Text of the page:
Interview with Rina (Part One)
FINALLY! My interview (or, well, the first half of it) with the irritating - er, lovely Captain Rina Bennet is LIVE! Much thanks to Sophia, who supplied all the questions in today's interview, and to Abby, Issabelle, and Katherine, whose questions will be featured in another interview next month!
Rina and I, well, we're not as compatible as one would expect. So this interview ended up being a lot longer and more strenuous for me than I'd anticipated. Rina is, uh, not very cooperative, believe it or not. Anyway, I hope y'all enjoy getting to know her a little bit better! She's a hoot, that woman is.
GJ: You can sit down, you know.
RB: *eyes chair warily* Really? That spindly thing would likely crumble underneath my weight.
GJ: *rolls her eyes* You weigh one-hundred and eighty pounds, Rina. Not to mention you towering over me is intimidating.
RB: *grins* That would be the point, luv. Wait. How do you know my weight? *folds hands over her swelling stomach*
GJ: I made you. I know you.
RB: *slowly lowers into chair* *crosses legs* *squirms uncomfortably* Enough bilge, Grace. Let’s get down to business—why am I here?
GJ: Why else, Ree? You’re here for an interview.
RB: Ree? Where’d that come from?
GJ: So I gave your nickname a nickname. Get over it.
RB: *frowns* You’re much more disrespectful than I’d imagined. Did you mother raise you to speak to your elders in such a manner?
GJ: *quirks a brow* You’re stalling.
RB: Of course I’m stalling, luv. I’m scared right out o’ me wits, what with all these nosy questions and poking about in me personal life and all. You’d stall too if it were you.
GJ: Calm down, Ree. *reaches over and pats her hand* My friends are all kind, caring people who aren’t the least bit nosy at all. They genuinely want to get to know you.
RB: Which is equal to being nosy, aye?
GJ: *scoffs* *straightens glasses* *shuffles papers* Our first questions are from Sophia. She asks: Do you think you’d ever give up piracy? If so, why and what for?
RB: *mutters* Sounds rather nosy to me. *clears throat* I may as well answer the question, aye? Let’s see. What was it again?
RB: Ah, yes. I remember now! Would I ever give up piracy? *sobers* *leans forward* Should I mention that I already have, in a roundabout way? Or is that a secret?
GJ: *continues glaring* Not anymore, it’s not.
RB: Oh, well then. Sophia dear, I would give up piracy, aye, but could I give up my life on the sea is the question. I’m blessed to be able to privateer and practically still pirate as if nothing had ever changed—only with the sanction of the government, of course. Although, come to think of it, that still constitutes as stealing, which begs the question: am I really doing the right thing? Spain considers me a pirate, after all, so I may as well still be one.
You know, I don’t rightly believe I’ve ever thought of it that way…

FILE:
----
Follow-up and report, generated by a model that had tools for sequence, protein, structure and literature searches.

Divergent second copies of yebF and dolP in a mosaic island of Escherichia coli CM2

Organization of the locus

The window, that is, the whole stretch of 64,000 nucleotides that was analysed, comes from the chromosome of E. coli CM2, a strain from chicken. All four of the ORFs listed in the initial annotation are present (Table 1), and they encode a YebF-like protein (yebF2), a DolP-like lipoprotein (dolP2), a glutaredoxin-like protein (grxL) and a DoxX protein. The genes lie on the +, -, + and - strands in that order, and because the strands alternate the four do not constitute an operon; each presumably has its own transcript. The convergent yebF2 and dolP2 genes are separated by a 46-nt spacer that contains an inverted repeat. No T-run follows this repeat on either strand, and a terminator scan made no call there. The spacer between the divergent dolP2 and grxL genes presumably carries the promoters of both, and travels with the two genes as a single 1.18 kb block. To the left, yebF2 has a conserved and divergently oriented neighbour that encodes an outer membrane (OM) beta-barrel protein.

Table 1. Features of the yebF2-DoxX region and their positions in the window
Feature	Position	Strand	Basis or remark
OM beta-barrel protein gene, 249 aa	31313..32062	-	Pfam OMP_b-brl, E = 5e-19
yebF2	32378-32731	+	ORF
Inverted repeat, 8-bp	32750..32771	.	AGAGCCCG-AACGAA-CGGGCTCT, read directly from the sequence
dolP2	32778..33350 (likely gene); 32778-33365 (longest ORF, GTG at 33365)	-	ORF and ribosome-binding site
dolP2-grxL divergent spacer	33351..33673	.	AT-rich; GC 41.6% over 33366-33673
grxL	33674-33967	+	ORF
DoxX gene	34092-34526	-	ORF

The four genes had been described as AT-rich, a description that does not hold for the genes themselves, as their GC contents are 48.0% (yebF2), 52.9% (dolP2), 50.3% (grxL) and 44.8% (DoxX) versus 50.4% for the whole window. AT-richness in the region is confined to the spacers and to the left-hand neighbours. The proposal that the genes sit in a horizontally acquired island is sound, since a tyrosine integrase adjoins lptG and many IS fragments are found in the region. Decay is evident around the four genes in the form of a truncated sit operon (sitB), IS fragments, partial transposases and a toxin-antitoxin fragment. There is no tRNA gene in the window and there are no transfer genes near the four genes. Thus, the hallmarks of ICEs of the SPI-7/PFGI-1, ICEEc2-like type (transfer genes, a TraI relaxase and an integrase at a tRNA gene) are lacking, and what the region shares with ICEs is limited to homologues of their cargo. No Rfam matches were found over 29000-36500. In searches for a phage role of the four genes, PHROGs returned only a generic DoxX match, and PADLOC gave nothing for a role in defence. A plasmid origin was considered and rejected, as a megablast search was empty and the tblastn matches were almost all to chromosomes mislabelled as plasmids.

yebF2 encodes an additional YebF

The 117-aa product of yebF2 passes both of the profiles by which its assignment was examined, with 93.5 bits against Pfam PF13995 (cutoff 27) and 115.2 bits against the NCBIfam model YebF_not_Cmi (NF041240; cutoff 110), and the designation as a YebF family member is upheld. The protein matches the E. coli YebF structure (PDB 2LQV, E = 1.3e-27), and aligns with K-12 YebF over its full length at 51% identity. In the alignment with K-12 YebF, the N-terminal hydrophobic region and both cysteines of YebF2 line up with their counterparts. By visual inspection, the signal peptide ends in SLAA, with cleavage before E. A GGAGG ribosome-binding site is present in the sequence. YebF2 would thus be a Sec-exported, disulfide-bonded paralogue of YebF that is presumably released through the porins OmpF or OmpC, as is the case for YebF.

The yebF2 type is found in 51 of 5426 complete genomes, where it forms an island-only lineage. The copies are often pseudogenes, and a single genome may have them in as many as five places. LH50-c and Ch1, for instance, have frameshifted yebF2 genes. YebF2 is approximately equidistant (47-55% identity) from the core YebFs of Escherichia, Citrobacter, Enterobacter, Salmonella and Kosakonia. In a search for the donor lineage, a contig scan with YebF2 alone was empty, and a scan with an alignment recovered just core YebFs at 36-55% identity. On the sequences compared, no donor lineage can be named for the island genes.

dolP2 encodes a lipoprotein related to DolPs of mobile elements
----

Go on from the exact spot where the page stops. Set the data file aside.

Anyway, my point is that I wouldn’t want to. I certainly don’t think anyone could ever force me to. But I know that as I age, or even just with raising the twins and this new wee one, I will need to settle down eventually. However, as I’m returning to my ship with the twins, I see not why I should be forced to retire to raise them on land—providing all goes well on this voyage, that is. Should it not…ach, what am I saying? Of course it will, and my children will have a good upbringing aboard my ship. Why, I was raised aboard a pirate ship and look at me! I turned out—
GJ: A bloodthirsty, villainous pirate.
RB: A pirate, exactly. A fine specimen of person. I— *frowns* You were being sarcastic, weren’t you?
GJ: Of course. Now, on to our next question. (Please keep in mind, Rina, that we don’t have all day. You can’t spend thirty minutes on each question, you know.)
RB: I know that quite well, thank you very much. I don’t even want to be here, you know.
GJ: Yeah, I know. Next question: What is your favorite thing about being a pirate? And your least favorite thing as well?
RB: *sucks in a breath* Deuces, that’s a hard one. My favorite thing? Oy, there are so many—the freedom, the wind rustling my sails, the salt-tinged air. The crash of the waves. The rush of exhilaration when a prize sails into view. Just…being, you know? Enjoying life itself. You’ve never really lived until you’ve experienced the sea, felt the breeze, breathed in the salty brine.
But my least favorite? *chuckles* Probably the piracy itself. The risk, really. Even as a privateer, there’s a risk. Of dying at any given moment. But then…that’s what makes it all worth it, you know? What puts life into perspective, knowing it could end at any given moment.
So really, I think my least favorite thing isn’t necessarily being at death’s front door everyday. More so, it’s going out the wrong way, you know? The diseases, the mutinies, the card games gone awry. Not to mention the lack of good food and water. The stench. *shudders*
GJ: *sniffs* Speaking of stench…Rina, when was the last time you bathed?
RB: That’s not one of the questions, is it? Aye, it’s been a few days. Don’t suppose I’ve washed my hair in a good week or two. But I cleaned up a couple days ago, you know. Washed my face and arms.
GJ: *mutters to herself* 17th century bathing habits. Ick. I knew I should’ve set my books in the era of modern showering. Gee, even the late 1800s would be better than this.
But on to the next question: What do you think your life would be like if you hadn’t become a pirate?
RB: You know, I actually asked myself that once. I…back in ‘83, when I was in London with Father, I had absolutely no idea what was I going to do with my life now that everything had changed so drastically and…I’m not sure. I suppose I just started thinking back to what I could’ve done after my uncle Maverick died to prevent me from becoming a pirate. I don’t think I’d known about the pardon yet, actually. Oh, I don’t know—so much was happening all at once. I was meeting my parents for the first time since I was a babe; I was feeling guilty about the life I’d led; Xavier was declaring his love for me.